Shorten's budget is 'bulldust': Treasurer

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Days after delivering his own budget, Mr Morrison said the Labor leader's response on Thursday night didn't have any solutions for the nation.

Later the treasurer said the cost over the "next" 10 years would be $65.4 billion.

The deficit levy is due to expire on July 1, three years after its introduction by Joe Hockey, and applied an additional 2 per cent tax rate to people earning more than $180,000.

The change would mean that taxpayers can not deduct more than $3000 in payments to lawyers or tax accountants for managing their tax affairs.

But Mr Shorten insisted his party was looking after middle-income households that would cop a Medicare levy increase under the coalition.

In power, it would reverse the government's new cuts to TAFE.

He said the 0.5% boost in the Medicare levy - imposed to fund the National Disability Insurance Scheme and to take effect from mid-2019 - would affect every Australian down to an income of $21,000.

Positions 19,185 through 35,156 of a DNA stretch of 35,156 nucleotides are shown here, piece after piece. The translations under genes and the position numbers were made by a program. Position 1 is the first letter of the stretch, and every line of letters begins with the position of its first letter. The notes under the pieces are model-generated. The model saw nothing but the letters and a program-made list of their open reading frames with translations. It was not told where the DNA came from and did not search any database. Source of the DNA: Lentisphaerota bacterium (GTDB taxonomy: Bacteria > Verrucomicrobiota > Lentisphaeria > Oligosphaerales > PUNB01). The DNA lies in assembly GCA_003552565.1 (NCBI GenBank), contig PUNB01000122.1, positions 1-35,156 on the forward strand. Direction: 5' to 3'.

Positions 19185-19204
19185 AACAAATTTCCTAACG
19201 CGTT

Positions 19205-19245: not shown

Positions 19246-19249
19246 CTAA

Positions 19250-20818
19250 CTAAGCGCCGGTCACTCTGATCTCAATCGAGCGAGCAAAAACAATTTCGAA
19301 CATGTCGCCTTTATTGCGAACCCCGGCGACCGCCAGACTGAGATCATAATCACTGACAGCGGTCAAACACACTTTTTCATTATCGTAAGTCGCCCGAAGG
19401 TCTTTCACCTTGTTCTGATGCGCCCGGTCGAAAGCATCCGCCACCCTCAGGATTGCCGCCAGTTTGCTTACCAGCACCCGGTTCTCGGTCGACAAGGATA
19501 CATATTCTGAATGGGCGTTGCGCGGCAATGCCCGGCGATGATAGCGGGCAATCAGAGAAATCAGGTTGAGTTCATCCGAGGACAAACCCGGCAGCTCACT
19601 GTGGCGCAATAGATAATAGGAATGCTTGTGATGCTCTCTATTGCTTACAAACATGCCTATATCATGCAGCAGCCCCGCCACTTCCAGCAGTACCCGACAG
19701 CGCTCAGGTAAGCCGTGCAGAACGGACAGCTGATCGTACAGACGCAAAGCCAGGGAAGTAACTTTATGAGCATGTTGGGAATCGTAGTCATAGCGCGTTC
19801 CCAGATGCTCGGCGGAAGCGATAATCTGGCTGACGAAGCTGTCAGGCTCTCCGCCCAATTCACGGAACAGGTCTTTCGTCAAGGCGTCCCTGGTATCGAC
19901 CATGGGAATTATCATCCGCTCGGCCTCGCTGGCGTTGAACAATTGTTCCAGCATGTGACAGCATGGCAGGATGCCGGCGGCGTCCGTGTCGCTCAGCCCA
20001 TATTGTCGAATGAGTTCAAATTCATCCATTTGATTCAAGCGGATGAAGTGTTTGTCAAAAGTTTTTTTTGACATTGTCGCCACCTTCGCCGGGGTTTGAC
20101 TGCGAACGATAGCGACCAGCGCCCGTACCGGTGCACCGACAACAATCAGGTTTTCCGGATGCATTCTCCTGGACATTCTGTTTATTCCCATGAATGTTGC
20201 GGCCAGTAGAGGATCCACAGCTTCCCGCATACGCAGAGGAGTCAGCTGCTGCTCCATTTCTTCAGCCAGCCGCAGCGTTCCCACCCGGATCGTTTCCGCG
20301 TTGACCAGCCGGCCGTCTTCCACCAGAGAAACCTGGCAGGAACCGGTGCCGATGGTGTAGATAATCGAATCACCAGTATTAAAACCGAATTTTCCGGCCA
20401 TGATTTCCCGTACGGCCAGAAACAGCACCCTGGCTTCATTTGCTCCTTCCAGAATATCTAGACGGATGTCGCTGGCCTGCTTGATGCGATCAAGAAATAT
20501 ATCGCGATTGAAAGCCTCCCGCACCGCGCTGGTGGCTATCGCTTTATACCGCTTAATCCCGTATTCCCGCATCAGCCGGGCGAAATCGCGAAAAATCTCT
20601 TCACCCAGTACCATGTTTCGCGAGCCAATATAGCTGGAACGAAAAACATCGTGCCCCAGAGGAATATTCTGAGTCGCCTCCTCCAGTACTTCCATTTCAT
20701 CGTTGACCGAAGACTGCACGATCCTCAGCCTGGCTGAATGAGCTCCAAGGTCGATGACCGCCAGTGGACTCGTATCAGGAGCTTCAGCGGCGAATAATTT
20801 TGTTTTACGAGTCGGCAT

The Deloitte analysis shows that 18.3 per cent of taxpayers earn more than $100,000 a year, and they will pay 46.5 per cent of the additional Medicare levy.

"Labor can not support making people on modest incomes give up more of their pay packet, especially when this budget goes out of its way to give taxpayer money to millionaires and multinationals", he said. Who's budget proposals do you like more?

He dismissed the government's measures to protect Medicare, saying that Malcolm Turnbull "only discovers his heart when he feels fear in it".

He confirmed Labor would not oppose the budget's tax on big banks, which has sparked a furious reaction from the banking sector.

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They're facing a backlash from the bankers over the surprise $6.2 billion levy on Australia's largest financial institutions.

The banks knew they could run over the top of this weak prime minister, he said.

Treasurer Scott Morrison's second budget signalled the end to the two per cent budget deficit levy, which was temporarily put in place in 2014 to help balance the books.

In his budget reply, Shorten said: "This is a recipe for fiscal recklessness on a grand scale".

Labor will propose to set a limit on how much people can deduct for managing their tax affairs of $3000.

This, he will argue, is a rort and the change will hit less than 1 per cent of taxpayers.

Finance Minister Mathias Cormann called on Shorten to submit his speech to the Parliamentary Budget Office for costing.

'We are actually taking a stand for the eight million people who earn less than $87,000 a year, ' he told ABC radio.

"His numbers didn't add up".

Shorten said Labor would crack down tax evaders hiding funds in offshore accounts.